The biggest problem in the whole Martin saga in my opinion is how she got out to 11.5m after three odd runs. Her first run in open company at St Albans in 2014 she was as far as I am aware probably only 13 years old so not even eligible to run in the event if she has won Stawell at 15yo. I think she maybe run again at St Albans in 2015 in her 2nd open age outing then made a Ballarat Gift Semi in 2015 in her third off a mark of 12m. Way too big a mark in a gift for somebody of any ability to have in only their second legitimate outing. I don't blame POD in any way shape or form because the sole blame has to fall on to the handicapper for giving her the mark. To only whip 0.5m off her after the 2015 Stawell Gift was another mistake as POD has stated if he can't improve a 15yo 3 metres in a year he isn't doing his job. She had the mark at the start of the season and was not given another lift for the whole year so none of the so called below par performances have resulted in a lift anyhow. With the mark in the bank prior to the season the POD's have probably done a few sums and said "well this kid is in the mix" for Stawell and set her for the race. I say well well done POD's and really if the establishment don't want an outmarker to win it don't gift them the mark in the first place. The worst thing is they probably haven't had the chance to really enjoy the victory in the way they should have. Congrats Tahlia and the whole POD Squad enjoy the victory

3 Re: The Talia Martin injustice inspires. on Fri May 13, 2016 6:33 pm

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Yes and thankyou, however no matter what your opinion is about runners winning or running from a front mark or poor handicapping or an inadequate handicapping structure for the women and juniors or for whatever other reason, there is no excuse or justification for targeting and singling out a young girl and picking on one poor performance in isolation.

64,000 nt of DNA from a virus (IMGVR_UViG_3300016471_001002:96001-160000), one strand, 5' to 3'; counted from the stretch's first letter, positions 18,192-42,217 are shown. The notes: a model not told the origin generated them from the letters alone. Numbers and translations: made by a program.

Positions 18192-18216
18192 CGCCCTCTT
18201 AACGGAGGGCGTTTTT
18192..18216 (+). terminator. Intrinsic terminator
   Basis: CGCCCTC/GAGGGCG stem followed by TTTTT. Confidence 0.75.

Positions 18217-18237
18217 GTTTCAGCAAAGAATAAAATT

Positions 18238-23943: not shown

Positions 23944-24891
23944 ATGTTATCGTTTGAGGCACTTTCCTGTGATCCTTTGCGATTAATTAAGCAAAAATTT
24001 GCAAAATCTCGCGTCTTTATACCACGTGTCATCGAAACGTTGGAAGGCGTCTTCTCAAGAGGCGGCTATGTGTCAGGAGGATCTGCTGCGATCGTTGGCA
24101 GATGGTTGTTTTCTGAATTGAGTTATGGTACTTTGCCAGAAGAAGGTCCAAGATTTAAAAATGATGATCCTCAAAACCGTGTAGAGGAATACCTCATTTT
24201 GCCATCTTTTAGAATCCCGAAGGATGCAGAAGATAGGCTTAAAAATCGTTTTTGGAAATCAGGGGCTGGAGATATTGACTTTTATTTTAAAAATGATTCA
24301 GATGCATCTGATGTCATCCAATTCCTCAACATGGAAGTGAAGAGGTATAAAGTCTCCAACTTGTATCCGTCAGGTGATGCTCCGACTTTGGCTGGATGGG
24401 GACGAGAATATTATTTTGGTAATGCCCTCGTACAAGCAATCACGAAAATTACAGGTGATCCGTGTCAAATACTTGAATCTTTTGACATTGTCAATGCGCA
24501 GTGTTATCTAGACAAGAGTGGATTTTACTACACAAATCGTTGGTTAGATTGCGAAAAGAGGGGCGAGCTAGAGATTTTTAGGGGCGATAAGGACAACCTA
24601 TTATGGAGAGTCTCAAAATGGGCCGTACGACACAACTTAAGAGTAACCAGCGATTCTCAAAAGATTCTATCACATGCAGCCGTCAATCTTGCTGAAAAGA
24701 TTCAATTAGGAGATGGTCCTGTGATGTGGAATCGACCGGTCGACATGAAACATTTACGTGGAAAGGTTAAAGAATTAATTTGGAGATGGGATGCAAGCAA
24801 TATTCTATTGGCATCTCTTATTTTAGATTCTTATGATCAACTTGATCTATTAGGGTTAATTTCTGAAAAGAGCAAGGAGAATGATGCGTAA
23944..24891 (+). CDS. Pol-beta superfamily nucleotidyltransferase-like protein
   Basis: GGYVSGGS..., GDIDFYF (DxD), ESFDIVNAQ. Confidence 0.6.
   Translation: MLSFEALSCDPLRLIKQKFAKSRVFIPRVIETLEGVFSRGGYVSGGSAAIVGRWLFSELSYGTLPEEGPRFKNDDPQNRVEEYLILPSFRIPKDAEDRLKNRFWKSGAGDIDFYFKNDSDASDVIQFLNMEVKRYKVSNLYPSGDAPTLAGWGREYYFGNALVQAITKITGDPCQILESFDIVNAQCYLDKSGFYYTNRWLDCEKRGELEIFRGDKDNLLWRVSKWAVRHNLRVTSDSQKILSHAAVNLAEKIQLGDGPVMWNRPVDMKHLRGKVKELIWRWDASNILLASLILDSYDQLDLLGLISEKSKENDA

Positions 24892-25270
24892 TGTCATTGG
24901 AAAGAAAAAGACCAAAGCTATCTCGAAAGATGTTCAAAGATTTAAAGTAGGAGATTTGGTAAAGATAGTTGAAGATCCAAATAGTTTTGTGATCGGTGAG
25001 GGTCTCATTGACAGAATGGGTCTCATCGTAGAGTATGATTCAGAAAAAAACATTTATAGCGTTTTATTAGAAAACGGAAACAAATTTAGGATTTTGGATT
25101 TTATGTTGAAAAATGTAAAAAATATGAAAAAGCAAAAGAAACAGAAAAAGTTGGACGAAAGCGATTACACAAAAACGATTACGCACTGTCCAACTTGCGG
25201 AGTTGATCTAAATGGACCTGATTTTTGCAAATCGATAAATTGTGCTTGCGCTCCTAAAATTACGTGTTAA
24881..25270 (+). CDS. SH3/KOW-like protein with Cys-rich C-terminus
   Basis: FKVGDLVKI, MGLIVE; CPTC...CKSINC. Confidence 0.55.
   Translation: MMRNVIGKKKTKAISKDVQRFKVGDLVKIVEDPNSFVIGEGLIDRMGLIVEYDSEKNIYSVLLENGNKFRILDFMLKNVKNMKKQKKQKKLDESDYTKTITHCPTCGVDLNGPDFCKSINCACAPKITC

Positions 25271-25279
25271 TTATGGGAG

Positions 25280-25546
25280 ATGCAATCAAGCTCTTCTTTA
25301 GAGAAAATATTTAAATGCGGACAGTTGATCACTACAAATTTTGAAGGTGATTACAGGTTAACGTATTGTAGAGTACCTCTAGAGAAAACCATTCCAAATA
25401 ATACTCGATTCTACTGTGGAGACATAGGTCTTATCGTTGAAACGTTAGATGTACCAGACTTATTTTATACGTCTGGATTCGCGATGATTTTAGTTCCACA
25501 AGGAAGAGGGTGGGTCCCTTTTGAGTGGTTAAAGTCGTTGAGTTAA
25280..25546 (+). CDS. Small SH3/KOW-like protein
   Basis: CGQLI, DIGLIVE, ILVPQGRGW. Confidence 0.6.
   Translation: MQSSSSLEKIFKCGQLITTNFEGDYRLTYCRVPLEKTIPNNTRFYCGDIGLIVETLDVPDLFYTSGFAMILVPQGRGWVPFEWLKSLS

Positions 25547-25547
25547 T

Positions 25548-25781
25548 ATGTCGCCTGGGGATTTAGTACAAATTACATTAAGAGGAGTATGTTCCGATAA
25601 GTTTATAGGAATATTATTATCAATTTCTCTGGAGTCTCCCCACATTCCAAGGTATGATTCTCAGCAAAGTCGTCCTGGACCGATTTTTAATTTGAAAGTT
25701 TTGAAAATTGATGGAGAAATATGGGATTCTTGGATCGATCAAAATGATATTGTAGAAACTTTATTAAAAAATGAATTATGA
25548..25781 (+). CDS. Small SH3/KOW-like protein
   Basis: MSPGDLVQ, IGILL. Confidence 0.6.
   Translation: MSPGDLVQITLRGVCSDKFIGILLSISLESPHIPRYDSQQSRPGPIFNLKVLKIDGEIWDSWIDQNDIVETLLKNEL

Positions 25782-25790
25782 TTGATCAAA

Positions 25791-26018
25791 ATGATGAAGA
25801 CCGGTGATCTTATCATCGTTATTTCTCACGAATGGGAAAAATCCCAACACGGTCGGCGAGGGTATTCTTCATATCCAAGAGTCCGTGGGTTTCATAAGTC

To not consider anyone of her other 25 plus meeting performances for the year and only consider her worst performances …yes she competed every week end from October to Easter and was 4th in the Geelong Gift the week before Ararat and 5th in the State Championships the week after Ararat (the weekend before Stawell), or her two previous Junior Girls Stawell Gift wins, is wrong and very poor judgement at best and many other things at worst….but we won’t go there for the time being.

To bring the sport into disrepute on its biggest stage without consideration to all her previous and PB performances must be Stewarding of the past. Poor judgement is no excuse, Handicappers and Stewards need to be unbiased and reasonable and consider all performances and especially PB performances before intimidating athletes and coaches.


There simply are better ways rather than to intimidate runners, parents and coaches when we all know performance is subjected to many factors …..everyone has a PB and that should be the basis of handicapping and stewarding.


It is 2016 and we want to grow professional running (betting is virtually non-existent) …and not give athletes and coaches a bad experience, make the environment safe and inviting and allow the next generation to compete without out fear of failure or intimidation.



The POD squad did not start this and when an injustice is done it is not right to curl up in the corner and accept it.

4 Re: The Talia Martin injustice inspires. on Tue May 17, 2016 9:28 am

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So how much did Talia Marin actually improve from the Ballarat Gift to the Stawell Gift.

The objective assessment – the handicapper failed or refused to do.



In the Ballarat Gift, Talia ran 108.5 meters in 14.28 seconds = 0.1316 time(rate)/metre.

Hypothetically, if she were to run 107 meters at that rate, she can save 0.1974 (0.1316*1.5meters) second or finish the race in 14.083 (14.28 less 0.1974) seconds.

Therefore, her improvements, between Ballarat Gift and Stawell Gift, for the same distant (107 meters) is as follows:

Improvement in time %:
(13.697 less 14.083)/14.083 = (2.74%)

Improvement in metre(s)